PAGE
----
Stranger in a strange land, part 1

Same sex marriage

Posted on Wednesday 20 January 2010 at 10:38 am in category: USA
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Stars and Stripes

It is now 5 and a half years ago that I first set foot on American soil, on July 4th 2004. After that things went kind of fast, and since September of 2006 I am officially a resident of the United States. You would think that after all that time I wouldn't really feel like a stranger anymore, and most of the time I don't. But still there are certain things that I will never get used to. For somebody that grew up in The Netherlands, the US can be a strange place to live. And I'm not talking about the fact that there are 12 McDonalds restaurants within a 10 mile radius of my house, or the fact that some stores here are open 24/7, but more about the way people think.

Something that strikes me as odd for example, is the same-sex marriage issue in The States. The Netherlands, as always being very liberal, made it possible for gay people to get married on April 1st, 2001. And I'm not talking about some fake marriage, but a full blown marriage, with the right to adopt kids. In the USA, it was illegal to be gay for the longest time, until Illinois was the first state to abandon those laws in 1961, but then it took until 1969 for Connecticut to follow, and most other states didn't follow until somewhere in the 1970's.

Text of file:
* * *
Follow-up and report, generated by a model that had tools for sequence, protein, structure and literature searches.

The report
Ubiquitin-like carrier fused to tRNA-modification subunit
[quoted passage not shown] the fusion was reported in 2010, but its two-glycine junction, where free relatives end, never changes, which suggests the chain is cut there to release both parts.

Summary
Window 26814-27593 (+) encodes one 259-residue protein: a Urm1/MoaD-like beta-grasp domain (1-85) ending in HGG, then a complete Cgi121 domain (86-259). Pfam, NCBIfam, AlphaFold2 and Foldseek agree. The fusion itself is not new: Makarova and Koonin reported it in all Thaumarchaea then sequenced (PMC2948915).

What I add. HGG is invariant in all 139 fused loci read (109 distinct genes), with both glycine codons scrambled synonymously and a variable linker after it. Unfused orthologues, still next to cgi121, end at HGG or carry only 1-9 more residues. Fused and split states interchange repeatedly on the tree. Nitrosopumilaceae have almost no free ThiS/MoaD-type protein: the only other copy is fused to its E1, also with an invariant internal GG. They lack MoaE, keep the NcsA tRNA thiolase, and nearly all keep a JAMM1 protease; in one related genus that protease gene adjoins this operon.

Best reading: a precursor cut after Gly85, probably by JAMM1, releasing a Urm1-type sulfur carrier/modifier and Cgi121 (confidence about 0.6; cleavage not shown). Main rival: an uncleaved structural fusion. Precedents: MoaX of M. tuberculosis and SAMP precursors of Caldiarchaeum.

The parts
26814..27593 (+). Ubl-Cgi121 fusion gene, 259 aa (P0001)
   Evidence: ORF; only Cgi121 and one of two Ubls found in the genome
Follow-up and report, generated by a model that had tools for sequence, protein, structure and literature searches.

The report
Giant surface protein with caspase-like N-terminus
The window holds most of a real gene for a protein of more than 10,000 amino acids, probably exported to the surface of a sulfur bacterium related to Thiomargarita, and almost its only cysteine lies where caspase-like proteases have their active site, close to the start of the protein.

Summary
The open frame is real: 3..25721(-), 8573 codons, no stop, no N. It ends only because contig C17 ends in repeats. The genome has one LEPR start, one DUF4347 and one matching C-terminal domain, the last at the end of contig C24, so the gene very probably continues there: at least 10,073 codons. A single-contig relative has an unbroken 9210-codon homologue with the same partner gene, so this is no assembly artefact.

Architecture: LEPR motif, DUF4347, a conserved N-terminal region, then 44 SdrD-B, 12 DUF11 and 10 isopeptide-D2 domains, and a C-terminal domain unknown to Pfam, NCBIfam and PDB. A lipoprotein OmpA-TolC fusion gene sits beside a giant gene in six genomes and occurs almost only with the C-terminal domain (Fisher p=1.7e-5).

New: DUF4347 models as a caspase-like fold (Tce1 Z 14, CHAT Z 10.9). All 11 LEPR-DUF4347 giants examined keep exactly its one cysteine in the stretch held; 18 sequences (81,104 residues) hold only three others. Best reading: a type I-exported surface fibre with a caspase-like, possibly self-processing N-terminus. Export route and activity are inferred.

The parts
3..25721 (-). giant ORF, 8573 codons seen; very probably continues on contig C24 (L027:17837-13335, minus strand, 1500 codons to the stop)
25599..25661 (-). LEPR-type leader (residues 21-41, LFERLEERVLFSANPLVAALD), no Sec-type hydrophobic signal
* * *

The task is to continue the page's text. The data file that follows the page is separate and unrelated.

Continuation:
Anyway, to get to the point, to me it seems really strange that there are numerous states in which you can get married to a first cousin, but only about 7 or 8 where gay people can get married. The map below, taken from The New York Times, shows it:

Same-sex marriage map

Surprisingly, in West-Virginia marriage between cousins is not allowed.

The anti-same-sex marriage movement is big and powerful in the US, and they have tons of arguments against it. Most of these arguments stem from religious grounds. People from The Netherlands that read this, should probably be aware of the fact that even the most liberal states in the US would be marked 'bible belt' by Dutch standards. Seriously, the so called 'bible belt' in The Netherlands is probably more progressive then downtown San Francisco.

On of the most heard arguments is that same-sex marriage would somehow pull down the value of a marriage. Although divorce statistics say otherwise, Americans say that they value a marriage really high. The argument of course is bogus, because I don't see why somebodies marriage could devaluate someone elses, but apparently not everybody follows that logic.

I've found out that even discussing the subject makes a lot of Americans feel really uncomfortable, and I know I'm probably going to end up getting some negative comments on this one. Most Dutch people though live by the general rule that anybody can do whatever he or she wants as long as it doesn't hurt anybody else. I'm happily married, and not gay (thought I'd point that out here), and I love my family, and that is not going to change because other people that love each other (and happen to be gay) are being allowed to get married. Please drop your rants and raves in the comments.

By the way, Albert Einstein was married to his first cousin.